The dynamics of each unique personal relationship has always been a subject of interest for me, especially since I began to explore the nature of human interactions as they relate to our very human spirit. As we make our way through our lives, we probably encounter hundreds of other individuals through our educational and social circles, but normally only a very select few become particularly significant to us in one way or another. We generally become aware of these connections when proximity permits sufficient opportunity to do so, but proximity alone cannot account for the development of close, personal (and dare I say…spiritual) connections, particularly those which endure across great distance and long years. While there are many different foundations for our unique relationships, and much that is not necessarily self-evident regarding the psychology which supports them, the existence of a powerful personal and emotional affinity for another clearly infers a greater degree of connection not explicable by simple biology, psychology, chemistry or mere chance.

As is the case with the many forms and degrees of love which we celebrate today, there are also other more subtle and more mysterious forces at work in our lives, some of which we may eventually comprehend and predict reliably, and others that are part of the life of the human spirit within us. The power to alter our lives at any time is within our grasp. We have the means to evaluate and discern which choice is best for us. We can choose to act in our own self-interest, or in consideration of what is in the best interests of others. Depending on our choices, a whole variety of alternate realities are possible.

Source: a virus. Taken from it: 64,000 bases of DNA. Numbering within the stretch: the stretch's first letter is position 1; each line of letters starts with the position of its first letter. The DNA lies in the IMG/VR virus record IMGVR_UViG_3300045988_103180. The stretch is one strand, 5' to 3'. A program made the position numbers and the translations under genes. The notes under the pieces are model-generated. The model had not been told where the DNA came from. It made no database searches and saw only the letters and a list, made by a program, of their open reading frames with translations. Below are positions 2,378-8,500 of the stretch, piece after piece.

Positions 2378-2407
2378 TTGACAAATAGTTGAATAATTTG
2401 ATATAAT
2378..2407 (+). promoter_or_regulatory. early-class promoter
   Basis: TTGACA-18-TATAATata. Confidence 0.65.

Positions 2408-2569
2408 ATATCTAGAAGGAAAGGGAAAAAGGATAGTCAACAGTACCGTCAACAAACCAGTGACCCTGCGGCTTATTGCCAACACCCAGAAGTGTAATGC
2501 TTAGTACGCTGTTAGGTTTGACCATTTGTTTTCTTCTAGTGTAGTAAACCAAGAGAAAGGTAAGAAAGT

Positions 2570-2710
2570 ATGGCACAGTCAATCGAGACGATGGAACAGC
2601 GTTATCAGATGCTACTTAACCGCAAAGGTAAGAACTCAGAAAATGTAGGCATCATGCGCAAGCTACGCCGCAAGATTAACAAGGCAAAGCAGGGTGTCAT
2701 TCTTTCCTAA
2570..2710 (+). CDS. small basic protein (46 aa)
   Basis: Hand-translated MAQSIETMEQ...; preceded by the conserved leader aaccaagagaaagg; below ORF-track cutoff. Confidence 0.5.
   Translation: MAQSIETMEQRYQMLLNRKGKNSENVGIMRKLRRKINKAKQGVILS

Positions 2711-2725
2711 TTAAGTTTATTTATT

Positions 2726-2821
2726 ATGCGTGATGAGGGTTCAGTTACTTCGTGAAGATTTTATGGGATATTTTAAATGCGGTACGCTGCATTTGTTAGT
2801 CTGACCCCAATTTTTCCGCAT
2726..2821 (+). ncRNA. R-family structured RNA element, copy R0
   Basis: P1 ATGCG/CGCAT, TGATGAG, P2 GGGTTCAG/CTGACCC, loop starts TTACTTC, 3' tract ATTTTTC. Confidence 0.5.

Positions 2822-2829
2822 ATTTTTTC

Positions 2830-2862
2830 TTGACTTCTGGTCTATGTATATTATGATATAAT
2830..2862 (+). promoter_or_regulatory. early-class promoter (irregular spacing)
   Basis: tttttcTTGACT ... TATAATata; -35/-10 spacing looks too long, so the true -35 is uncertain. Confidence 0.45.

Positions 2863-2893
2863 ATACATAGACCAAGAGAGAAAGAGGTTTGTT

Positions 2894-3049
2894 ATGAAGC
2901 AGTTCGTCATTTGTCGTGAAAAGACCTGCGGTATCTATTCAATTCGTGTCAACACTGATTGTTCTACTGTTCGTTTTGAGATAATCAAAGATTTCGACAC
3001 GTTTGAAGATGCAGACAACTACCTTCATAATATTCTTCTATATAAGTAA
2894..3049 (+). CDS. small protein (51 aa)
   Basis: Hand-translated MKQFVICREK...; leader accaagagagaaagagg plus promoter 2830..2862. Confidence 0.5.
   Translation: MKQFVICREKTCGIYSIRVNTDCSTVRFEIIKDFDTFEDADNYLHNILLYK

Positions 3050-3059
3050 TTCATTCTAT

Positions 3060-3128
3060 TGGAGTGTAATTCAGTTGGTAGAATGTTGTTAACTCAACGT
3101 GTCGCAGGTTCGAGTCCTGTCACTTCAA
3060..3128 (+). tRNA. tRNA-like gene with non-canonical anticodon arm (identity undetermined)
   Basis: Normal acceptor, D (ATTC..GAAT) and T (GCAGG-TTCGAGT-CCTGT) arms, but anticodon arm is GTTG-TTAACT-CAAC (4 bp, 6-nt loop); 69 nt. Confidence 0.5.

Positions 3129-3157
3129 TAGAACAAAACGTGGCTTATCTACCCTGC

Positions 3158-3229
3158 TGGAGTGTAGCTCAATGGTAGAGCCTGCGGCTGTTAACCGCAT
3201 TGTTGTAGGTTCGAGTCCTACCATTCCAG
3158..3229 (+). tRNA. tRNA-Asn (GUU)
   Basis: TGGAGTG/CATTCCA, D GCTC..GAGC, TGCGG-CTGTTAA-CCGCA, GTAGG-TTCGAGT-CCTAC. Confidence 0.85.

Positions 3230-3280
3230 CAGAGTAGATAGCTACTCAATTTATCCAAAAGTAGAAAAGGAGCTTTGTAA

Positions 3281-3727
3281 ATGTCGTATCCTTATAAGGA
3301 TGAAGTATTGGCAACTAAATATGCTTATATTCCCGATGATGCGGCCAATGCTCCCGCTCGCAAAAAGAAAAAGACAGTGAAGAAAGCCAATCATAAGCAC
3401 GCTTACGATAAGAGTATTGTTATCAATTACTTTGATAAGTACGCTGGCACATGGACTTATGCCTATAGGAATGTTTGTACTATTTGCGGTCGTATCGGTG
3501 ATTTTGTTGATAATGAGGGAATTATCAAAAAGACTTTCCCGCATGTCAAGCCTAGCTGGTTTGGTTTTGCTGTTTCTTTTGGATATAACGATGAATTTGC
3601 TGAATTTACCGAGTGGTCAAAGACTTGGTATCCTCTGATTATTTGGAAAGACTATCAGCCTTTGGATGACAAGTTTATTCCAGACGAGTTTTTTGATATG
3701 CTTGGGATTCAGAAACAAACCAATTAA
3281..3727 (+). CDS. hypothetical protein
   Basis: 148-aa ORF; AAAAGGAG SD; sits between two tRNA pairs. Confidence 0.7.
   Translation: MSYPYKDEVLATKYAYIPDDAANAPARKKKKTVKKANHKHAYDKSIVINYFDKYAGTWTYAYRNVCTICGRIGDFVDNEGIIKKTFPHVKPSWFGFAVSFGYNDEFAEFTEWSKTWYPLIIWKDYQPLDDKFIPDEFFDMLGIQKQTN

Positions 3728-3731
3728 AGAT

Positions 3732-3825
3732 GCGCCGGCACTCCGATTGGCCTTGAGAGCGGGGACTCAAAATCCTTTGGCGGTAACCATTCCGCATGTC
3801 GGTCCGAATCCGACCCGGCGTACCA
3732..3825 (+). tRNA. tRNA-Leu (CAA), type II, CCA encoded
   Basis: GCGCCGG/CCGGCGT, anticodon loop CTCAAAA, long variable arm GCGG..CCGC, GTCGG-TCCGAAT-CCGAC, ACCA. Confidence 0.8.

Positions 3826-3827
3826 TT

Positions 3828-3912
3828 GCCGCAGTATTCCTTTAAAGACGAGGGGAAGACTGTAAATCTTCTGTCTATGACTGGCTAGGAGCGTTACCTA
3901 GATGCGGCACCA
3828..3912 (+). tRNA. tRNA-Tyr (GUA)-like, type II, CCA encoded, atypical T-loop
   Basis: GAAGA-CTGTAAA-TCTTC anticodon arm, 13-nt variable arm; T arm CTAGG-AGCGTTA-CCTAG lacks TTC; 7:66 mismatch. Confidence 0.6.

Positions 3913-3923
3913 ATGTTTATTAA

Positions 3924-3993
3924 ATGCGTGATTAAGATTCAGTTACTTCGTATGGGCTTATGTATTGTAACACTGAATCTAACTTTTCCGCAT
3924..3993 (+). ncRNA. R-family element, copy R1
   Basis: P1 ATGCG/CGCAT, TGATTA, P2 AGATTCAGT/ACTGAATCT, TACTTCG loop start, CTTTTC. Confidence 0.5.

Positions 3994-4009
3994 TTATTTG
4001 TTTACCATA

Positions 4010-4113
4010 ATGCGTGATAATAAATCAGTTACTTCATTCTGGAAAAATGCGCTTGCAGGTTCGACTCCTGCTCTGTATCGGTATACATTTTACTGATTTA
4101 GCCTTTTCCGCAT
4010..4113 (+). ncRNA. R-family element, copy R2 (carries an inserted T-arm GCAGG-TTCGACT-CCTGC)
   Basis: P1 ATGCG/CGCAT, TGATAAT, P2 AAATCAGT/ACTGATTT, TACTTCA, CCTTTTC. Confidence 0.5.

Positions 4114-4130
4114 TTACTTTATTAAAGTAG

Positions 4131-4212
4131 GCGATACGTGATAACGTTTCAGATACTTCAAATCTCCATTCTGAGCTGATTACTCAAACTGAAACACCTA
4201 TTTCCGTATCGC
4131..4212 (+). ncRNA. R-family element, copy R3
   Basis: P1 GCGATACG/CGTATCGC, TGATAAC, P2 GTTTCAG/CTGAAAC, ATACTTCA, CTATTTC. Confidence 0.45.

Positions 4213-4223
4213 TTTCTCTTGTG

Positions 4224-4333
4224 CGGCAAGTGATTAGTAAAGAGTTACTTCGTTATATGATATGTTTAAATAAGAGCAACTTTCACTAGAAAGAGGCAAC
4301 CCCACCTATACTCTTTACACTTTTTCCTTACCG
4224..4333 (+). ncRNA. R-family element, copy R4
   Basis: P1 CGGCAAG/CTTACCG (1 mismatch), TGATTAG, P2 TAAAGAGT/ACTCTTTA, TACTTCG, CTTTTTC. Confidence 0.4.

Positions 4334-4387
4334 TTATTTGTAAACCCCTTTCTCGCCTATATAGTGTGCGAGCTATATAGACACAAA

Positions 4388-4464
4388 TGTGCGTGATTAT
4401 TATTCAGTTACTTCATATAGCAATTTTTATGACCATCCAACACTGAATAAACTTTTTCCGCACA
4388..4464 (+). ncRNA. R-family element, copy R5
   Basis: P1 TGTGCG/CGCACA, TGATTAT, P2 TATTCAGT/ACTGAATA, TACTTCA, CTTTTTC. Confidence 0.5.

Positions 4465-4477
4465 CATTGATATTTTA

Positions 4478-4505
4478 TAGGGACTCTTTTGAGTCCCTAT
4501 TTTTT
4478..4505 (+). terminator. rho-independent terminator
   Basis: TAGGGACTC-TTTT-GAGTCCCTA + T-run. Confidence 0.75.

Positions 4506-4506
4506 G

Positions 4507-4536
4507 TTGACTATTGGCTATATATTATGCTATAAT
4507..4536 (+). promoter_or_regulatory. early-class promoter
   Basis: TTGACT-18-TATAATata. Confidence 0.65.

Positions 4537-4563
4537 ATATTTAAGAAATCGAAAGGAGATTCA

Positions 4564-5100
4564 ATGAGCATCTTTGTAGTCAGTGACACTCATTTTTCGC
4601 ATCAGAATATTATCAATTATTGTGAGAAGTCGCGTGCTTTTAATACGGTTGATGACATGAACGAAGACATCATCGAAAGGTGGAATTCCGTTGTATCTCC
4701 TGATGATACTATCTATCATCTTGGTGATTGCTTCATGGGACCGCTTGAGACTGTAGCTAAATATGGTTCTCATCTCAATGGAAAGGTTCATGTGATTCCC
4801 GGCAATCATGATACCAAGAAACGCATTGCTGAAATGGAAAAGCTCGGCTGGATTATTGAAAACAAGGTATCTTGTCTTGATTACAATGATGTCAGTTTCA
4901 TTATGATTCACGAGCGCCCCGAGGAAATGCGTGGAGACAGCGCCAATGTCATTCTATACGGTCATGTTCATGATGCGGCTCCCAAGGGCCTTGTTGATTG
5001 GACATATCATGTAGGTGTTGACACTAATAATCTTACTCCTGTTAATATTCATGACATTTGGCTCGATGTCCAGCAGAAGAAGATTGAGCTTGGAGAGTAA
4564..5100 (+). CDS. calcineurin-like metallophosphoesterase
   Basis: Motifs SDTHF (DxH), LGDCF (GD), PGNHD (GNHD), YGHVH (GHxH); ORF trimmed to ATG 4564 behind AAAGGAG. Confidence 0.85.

If our minds are simply and only the result of neuronal functioning and the basic electro-chemical balance in our brains, then none of us can be held truly accountable for our actions, since we are at the mercy of brain chemistry and the endowment of adequate neuronal functioning. My contention is that while we are clearly dependent on a nominally functional nervous system to interact in a meaningful way with other sentient beings, the delicate balance of brain chemistry and neuronal functionality only provides a platform from which we can launch our lives as cognitive creatures.